And all the advocates of disaffiliation have to offer, as an alternative,
is either support of left fringe social-democratic parties like Respect or
nothing at all.
Well, the Labour Party was established in the first place to provide an alternative
to both these strategies – if we can call them that – which existed in the
late 19th century. Non-affiliation, essentially allowing a union’s leadership
to pick and choose whom to back at election time, was what we had before
Labour was established. In practice it meant that the unions of those days
endorsed the Liberals.
Support of fringe parties is based on the belief that it is somehow easier
to build another social-democratic party than to defeat the right-wing and
democratise the one we’ve already got. These moves play into the hands of
the right-wing and those who ride on the backs of the left within the union
movement who argue with some justification that if it were successful the
only people who will ultimately benefit are the Tories themselves.
Nevertheless these anti-Blair motions do represent the beginnings of a campaign
within the class to defeat Blair and the clique around him. It is crucial
for Labour’s survival as a governing party that Blair, who is clearly an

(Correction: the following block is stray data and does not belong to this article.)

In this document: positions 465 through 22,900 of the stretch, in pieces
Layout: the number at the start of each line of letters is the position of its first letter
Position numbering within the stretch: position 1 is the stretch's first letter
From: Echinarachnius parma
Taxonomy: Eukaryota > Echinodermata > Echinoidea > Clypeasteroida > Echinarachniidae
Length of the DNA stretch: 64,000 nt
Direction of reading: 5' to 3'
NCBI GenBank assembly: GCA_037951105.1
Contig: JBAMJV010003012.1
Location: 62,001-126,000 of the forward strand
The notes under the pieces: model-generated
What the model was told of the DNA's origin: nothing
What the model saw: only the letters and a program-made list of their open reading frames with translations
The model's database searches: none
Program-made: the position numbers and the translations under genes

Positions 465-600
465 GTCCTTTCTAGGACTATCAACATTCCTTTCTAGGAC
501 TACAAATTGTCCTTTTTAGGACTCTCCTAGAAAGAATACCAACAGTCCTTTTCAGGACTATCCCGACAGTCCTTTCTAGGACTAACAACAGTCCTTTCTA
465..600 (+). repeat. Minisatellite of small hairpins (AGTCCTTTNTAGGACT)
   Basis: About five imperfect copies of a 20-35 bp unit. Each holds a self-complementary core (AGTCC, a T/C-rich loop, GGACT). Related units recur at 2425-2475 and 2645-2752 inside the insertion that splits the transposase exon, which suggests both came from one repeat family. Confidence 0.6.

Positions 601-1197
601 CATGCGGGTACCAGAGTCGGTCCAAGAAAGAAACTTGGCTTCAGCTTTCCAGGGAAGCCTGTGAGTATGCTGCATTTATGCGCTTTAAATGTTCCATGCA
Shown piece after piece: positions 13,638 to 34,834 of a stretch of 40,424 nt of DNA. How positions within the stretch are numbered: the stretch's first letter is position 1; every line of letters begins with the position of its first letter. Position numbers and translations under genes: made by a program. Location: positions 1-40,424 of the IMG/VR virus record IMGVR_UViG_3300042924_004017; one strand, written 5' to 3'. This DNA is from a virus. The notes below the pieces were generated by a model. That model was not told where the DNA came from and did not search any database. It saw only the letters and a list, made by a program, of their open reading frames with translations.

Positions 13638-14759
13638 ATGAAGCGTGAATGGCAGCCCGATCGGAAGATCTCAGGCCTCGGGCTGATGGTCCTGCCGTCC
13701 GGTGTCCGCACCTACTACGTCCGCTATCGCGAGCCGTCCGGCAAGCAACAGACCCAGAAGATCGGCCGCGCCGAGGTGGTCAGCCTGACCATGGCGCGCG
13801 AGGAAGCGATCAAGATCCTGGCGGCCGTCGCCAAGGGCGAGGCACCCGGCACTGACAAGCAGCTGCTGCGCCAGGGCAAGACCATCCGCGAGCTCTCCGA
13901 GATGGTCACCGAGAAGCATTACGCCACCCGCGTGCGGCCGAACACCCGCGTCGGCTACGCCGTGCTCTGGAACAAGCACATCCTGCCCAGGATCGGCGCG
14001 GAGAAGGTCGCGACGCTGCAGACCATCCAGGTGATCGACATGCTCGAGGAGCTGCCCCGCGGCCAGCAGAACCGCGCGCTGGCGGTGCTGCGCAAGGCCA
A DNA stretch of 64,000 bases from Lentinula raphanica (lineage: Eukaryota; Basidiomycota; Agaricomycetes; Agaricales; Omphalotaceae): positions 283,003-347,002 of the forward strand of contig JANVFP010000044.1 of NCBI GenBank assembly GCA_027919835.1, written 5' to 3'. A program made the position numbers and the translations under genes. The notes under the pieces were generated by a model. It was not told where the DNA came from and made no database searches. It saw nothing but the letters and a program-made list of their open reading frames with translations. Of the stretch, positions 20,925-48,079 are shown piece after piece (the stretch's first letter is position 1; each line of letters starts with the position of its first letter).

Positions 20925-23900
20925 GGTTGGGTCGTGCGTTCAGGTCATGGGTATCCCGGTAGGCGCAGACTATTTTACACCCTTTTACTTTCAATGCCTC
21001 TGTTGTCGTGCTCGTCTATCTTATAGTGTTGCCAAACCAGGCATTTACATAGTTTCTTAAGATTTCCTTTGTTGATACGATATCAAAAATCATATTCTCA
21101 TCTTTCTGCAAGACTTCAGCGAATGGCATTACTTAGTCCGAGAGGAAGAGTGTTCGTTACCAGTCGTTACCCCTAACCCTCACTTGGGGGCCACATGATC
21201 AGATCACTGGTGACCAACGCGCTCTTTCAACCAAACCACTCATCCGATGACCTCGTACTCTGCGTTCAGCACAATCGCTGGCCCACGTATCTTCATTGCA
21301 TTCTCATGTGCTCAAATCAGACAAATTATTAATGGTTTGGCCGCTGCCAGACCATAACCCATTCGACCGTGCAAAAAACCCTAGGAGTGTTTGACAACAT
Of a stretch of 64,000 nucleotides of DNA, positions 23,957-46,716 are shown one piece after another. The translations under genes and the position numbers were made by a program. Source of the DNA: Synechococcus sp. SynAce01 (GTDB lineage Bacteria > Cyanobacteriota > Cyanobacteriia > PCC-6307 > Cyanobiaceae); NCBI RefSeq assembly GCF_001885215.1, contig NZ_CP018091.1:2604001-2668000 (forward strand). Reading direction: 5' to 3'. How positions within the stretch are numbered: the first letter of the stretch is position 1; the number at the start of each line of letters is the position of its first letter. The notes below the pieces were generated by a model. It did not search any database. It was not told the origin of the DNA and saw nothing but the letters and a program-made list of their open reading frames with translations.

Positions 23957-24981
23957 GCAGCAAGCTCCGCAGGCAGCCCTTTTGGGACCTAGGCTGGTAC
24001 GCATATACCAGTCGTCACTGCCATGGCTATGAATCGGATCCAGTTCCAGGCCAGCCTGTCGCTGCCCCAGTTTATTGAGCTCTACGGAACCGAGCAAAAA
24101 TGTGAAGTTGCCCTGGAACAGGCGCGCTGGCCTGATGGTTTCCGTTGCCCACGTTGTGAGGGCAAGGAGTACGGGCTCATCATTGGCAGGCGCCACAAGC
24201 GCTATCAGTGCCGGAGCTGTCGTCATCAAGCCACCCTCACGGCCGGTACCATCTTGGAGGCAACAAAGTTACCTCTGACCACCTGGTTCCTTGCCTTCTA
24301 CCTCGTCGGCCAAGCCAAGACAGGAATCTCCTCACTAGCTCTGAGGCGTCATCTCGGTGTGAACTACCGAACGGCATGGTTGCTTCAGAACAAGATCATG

albatross around Labour’s neck, is dumped.
EF: But it would have to be more than a cosmetic change at the
AB: Yes, certainly – and that’s one of the reasons why Gordon
Brown’s challenge has been so ineffectual. Though we are told of great rows
between the Prime Minister and the Chancellor in the papers, all this seems
to boil down to is Brown’s belief that he has been cheated out of his inheritance
by Blair – who apparently promised him a shoe-in after one or two terms in
return for his support for Blair after John Smith died. But they are both
united in continuing the Tory policy of oppression and they are united in
supporting the most reactionary and aggressive sections of the ruling class
who see their interests best preserved in alliance with US imperialism.